There is something attractive about gaming couples. It's not just that people all over are jealous of those whose significant others "get it", but there can be a significant bonus when people come in a pair. Especially if one of the pair is a healer or a tank... or a healer and a tank combo. Of course, this also comes with its fair share of problems for raiding guilds... what if one player is brilliant, while the other can't seem to stay out of the fire? To get one, must you take the other?
Gaming couples are also often drawn to other gaming couples. The pre-raid fish feast can become like something of a dinner party. I have a very extensive friends list, and sometimes I imagine that every single gaming couple on my server and faction is on my friends list. This scenario is actually one of the reasons for my guild name... after about the 8 millionth dungeon run in which I recruited some of my couples-friends to join us, a guild mate cleverly inquired whether I was starting the Lothar Swingers Club. The rest is history.
As someone who is one half of a gaming couple, I've had plenty of people tell me they are jealous of my circumstances. How nice it would be to have someone with whom you can share your gaming hobby! For the record, this attitude usually comes from males. Read into that what you will.
So let me go on the record right here by stating that gaming and raiding with your significant other is definitely not all hearts and butterflies.
Even if you aren't both competing against one another for a raid slot, there are still plenty of problems. Look, raiding is a tense environment and therefore can add a lot of stress to your relationship if you aren't careful. If you're sitting at your computer, alone IRL, screaming at the monitor and throwing your keyboard against the wall, there's no one there to see you act like a fool. However, your significant other may not be so impressed with that clever curveball you just threw with your mouse.
Remember this - when you have a criticism to make of another member of your raid, you have to make an effort to say something to them. By this, I mean you usually need to key vent to yell at them, which gives you a slight moment to reconsider whether this is what you really want to do. When you are sitting next to the person who just took a nap in the fire, there is no brief moment of pause to reconsider before screaming at them for being a complete idiot.
If you're pissed off at someone in your raid, or just generally ticked because things are not going well, there is a scapegoat sitting right next to you on whom you can vent all your anger. This is not exactly what one might call "ideal relationship conditions". Heaven forbid that person try to tell you how to play your character or class. Try sitting quietly while the other person leads a raid, and you just know they're doing it all wrong.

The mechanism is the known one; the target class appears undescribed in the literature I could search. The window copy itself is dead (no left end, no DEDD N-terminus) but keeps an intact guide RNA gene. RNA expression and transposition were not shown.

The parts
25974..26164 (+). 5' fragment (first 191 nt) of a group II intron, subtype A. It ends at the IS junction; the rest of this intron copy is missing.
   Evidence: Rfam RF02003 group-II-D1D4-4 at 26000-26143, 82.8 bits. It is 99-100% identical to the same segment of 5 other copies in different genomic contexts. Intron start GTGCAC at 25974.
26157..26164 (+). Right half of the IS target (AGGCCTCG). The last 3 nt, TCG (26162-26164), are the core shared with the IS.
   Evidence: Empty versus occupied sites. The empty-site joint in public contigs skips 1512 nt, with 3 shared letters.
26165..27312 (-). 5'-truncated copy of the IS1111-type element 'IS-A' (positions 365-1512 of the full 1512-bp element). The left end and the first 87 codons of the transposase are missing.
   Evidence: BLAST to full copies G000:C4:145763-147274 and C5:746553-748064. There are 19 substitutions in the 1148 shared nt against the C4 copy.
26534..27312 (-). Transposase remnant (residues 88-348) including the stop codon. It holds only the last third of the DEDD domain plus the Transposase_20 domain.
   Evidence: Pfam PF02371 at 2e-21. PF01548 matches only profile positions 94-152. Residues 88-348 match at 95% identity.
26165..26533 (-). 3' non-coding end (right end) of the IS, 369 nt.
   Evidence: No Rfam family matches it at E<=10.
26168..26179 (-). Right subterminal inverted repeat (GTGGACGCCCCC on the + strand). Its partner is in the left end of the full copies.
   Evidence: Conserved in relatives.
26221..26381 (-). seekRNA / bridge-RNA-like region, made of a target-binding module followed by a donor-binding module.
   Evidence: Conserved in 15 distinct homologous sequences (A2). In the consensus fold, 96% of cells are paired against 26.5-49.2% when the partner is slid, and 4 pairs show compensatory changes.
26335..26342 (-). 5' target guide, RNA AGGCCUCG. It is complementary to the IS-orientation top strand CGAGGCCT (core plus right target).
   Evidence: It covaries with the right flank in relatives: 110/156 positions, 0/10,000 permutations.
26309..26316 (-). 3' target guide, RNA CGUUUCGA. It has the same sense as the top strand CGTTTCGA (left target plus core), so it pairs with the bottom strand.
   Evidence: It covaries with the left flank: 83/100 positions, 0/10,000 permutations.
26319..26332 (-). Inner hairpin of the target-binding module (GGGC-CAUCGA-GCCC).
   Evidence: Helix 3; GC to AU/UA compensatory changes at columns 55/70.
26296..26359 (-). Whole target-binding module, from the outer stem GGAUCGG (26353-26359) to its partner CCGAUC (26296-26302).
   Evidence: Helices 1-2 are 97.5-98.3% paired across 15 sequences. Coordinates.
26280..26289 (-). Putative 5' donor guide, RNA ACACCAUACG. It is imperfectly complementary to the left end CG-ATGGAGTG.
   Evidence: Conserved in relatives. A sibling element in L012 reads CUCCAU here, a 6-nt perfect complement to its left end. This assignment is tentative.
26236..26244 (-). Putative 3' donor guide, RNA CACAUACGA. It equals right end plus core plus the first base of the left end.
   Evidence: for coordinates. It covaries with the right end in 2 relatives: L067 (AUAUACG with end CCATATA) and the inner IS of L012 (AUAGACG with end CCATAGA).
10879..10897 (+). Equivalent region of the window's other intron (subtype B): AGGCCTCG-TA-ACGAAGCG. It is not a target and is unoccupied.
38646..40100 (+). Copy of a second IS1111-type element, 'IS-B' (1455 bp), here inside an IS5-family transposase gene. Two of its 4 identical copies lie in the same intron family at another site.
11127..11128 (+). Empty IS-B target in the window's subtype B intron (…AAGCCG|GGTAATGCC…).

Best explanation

The worst part is when in game squabbles and real world arguments collide. Oh, I'm terribly sorry, did I forget to heal you? It must have been because I was so distracted by how fat you implied my ass looks in these jeans. Dear me, I simply didn't DPS that snobold down fast enough to prevent your death. I wonder if it was related to you calling my mother a shrew? Sometimes wife aggro is a lot worse when your wife is a fellow gamer.
It's silly, though a bit funny, to bring real world arguments into the gaming universe. But it's much worse to bring the gaming disagreements into the real world. I really am ashamed to admit how often my anger has been sparked by something my fiance did (or didn't do) in game that left me in a huff for the next day. Don't touch me, you loot-whoring nazi of a raid leader! Why didn't you stick up for me when so and so complained about my abilities? Why is your gear not properly enchanted and gemmed? Why haven't you paid me back for all that Mooncloth I sent you? I'm actually quite bad about it, embarassingly enough.
So, I write this post as something of a public apology for doing this. Also as a reminder that though the game is not "real life", the relationships and the people within are. I'm very lucky to have someone who shares my love of gaming, and I certainly have no wish to discount that. But that doesn't mean there aren't some struggles in spite of it. Balancing a real life with gaming can sometimes be a lot easier when your partner shares your hobby... and sometimes it can be a lot harder. In truth, if you have deep seated relationship issues, oftentimes gaming together can bring them out and highlight them.
However, I do have to say that the time my fiance wiped the CoS group because he was busy buying me a Bouquest of Black Roses is one of my happiest memories. Especially since I don't mind at all that I've received a lot more in game flowers than I have IRL. They're cheaper, and they don't die ;)